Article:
Power Supply: Energy Resources in the MIT Libraries is a new exhibit in the Maihaugen Gallery that showcases “energy resources” in the Libraries that have supported and resulted from research and education throughout the Institute’s history. Included are books and articles from historical collections, examples of rich working collections, theses by MIT students, and video (below) highlighting MIT’s current efforts in energy research.

The MIT Community is invited to an opening reception on Friday, October 23, 1-3pm in the Maihaugen Gallery (14N-130). Check out the exhibit and enjoy refreshments with friends!

From MIT to the moon–Celebrating Buzz Aldrin and the 40th anniversary of the moon landing

Posted July 17th, 2009 by Heather Denny

Monday, July 20th marks the 40th anniversary of the moon landing, when heroic MIT graduate Buzz Aldrin took his historic steps on the lunar surface.

Institute Archives’ records reveal that it was an accomplishment he had only dreamed about as a graduate student.  In the dedication of his PhD thesis, Aldrin wrote, “In the hopes that this work may in some way contribute to their exploration of space this is dedicated to the crew members of this country’s present and future manned space programs. If only I could join them in their exciting endeavors!”

See Aldrin’s thesis in the current Fascination of Flight exhibit in the Libraries’ Maihaugen Gallery, or find it online in DSpace.

Archives July exhibit commemorates Project Whirlwind

Posted June 30th, 2009 by Lois Beattie

Project Whirlwind report R-209

The July Object of the Month of the Institute Archives and Special Collections celebrates the transfer of the Project Whirlwind records from the MITRE Corporation to MIT.  The Project Whirlwind collection is a compilation of records of the  pioneering digital computing research conducted at MIT in the 1940s and 1950s. Whirlwind was developed as part of a project initiated by the Office of Naval Research to design a universal flight trainer that would simulate flight. Eventually the focus of the grant, a flight simulator (using an analog computer), changed to the development of  a high-speed digital computer.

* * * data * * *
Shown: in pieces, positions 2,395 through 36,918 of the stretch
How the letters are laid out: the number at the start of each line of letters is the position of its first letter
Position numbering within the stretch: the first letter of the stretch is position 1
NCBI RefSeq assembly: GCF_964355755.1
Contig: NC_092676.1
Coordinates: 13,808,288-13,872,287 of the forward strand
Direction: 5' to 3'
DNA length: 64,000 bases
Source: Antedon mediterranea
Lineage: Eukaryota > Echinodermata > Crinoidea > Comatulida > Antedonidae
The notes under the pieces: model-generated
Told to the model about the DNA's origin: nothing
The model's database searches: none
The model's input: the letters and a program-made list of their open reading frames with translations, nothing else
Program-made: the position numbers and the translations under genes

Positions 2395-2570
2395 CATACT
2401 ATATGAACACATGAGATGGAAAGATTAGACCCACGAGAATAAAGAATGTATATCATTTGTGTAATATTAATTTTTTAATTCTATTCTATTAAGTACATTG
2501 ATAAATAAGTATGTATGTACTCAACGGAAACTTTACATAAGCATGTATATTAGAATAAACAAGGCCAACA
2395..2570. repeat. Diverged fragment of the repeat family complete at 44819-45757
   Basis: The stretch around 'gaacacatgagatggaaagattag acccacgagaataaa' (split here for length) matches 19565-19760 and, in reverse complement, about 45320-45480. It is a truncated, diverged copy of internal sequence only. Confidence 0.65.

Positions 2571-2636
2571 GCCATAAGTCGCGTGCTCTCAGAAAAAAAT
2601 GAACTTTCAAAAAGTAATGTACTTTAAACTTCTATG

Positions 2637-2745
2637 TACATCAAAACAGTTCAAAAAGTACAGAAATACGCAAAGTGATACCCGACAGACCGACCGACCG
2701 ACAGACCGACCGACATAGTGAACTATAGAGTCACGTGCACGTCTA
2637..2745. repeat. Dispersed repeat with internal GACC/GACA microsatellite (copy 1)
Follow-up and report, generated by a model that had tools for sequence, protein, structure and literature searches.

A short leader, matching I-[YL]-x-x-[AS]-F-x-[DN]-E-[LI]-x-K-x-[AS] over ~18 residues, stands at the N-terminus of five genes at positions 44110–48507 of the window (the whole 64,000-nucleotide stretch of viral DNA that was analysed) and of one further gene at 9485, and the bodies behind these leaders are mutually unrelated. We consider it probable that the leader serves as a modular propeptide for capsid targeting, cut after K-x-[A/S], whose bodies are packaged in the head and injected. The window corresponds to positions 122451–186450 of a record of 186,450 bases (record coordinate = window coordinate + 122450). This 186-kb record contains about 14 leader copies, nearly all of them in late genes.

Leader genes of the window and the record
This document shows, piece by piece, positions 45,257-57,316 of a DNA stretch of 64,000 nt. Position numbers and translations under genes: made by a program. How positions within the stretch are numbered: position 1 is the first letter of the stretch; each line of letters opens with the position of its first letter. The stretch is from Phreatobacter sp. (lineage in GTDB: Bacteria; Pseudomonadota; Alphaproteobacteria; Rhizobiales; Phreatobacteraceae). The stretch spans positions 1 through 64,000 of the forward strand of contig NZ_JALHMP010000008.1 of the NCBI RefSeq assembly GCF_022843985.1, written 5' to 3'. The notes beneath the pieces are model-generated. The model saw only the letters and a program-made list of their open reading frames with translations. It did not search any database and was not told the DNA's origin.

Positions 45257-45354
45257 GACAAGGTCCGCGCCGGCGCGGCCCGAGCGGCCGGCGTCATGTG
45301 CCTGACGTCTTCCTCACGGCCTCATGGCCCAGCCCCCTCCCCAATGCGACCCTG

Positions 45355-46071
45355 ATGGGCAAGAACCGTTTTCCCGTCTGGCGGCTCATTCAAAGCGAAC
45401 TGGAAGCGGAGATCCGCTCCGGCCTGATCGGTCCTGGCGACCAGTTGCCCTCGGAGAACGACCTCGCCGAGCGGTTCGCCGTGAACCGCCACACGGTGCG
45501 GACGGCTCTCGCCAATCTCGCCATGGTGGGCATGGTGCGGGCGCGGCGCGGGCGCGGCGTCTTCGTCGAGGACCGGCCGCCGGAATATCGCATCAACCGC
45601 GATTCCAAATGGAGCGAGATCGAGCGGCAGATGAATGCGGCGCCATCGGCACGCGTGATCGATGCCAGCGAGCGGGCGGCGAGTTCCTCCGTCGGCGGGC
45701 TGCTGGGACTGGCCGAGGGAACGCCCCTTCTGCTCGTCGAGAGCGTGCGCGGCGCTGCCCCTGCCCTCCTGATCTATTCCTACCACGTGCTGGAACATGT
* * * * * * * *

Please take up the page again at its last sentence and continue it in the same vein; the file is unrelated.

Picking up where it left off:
In 2008 the Project Whirlwind records were transferred to the MIT Archives from the MITRE Corporation, where many research staff  had relocated in the late 1950s. For more information, including documents and digital objects available in DOME, the MIT Libraries’ digital repository, see http://libraries.mit.edu/archives/whirlwind.

“Media in Transition” video on MIT World

Posted June 17th, 2009 by Heather Denny

A panel of archivists, librarians, and historians reflected on the anxiety and exhilaration of a digital age that is constantly transforming their disciplines at a recent MIT Communications Forum event focused on Media in Transition.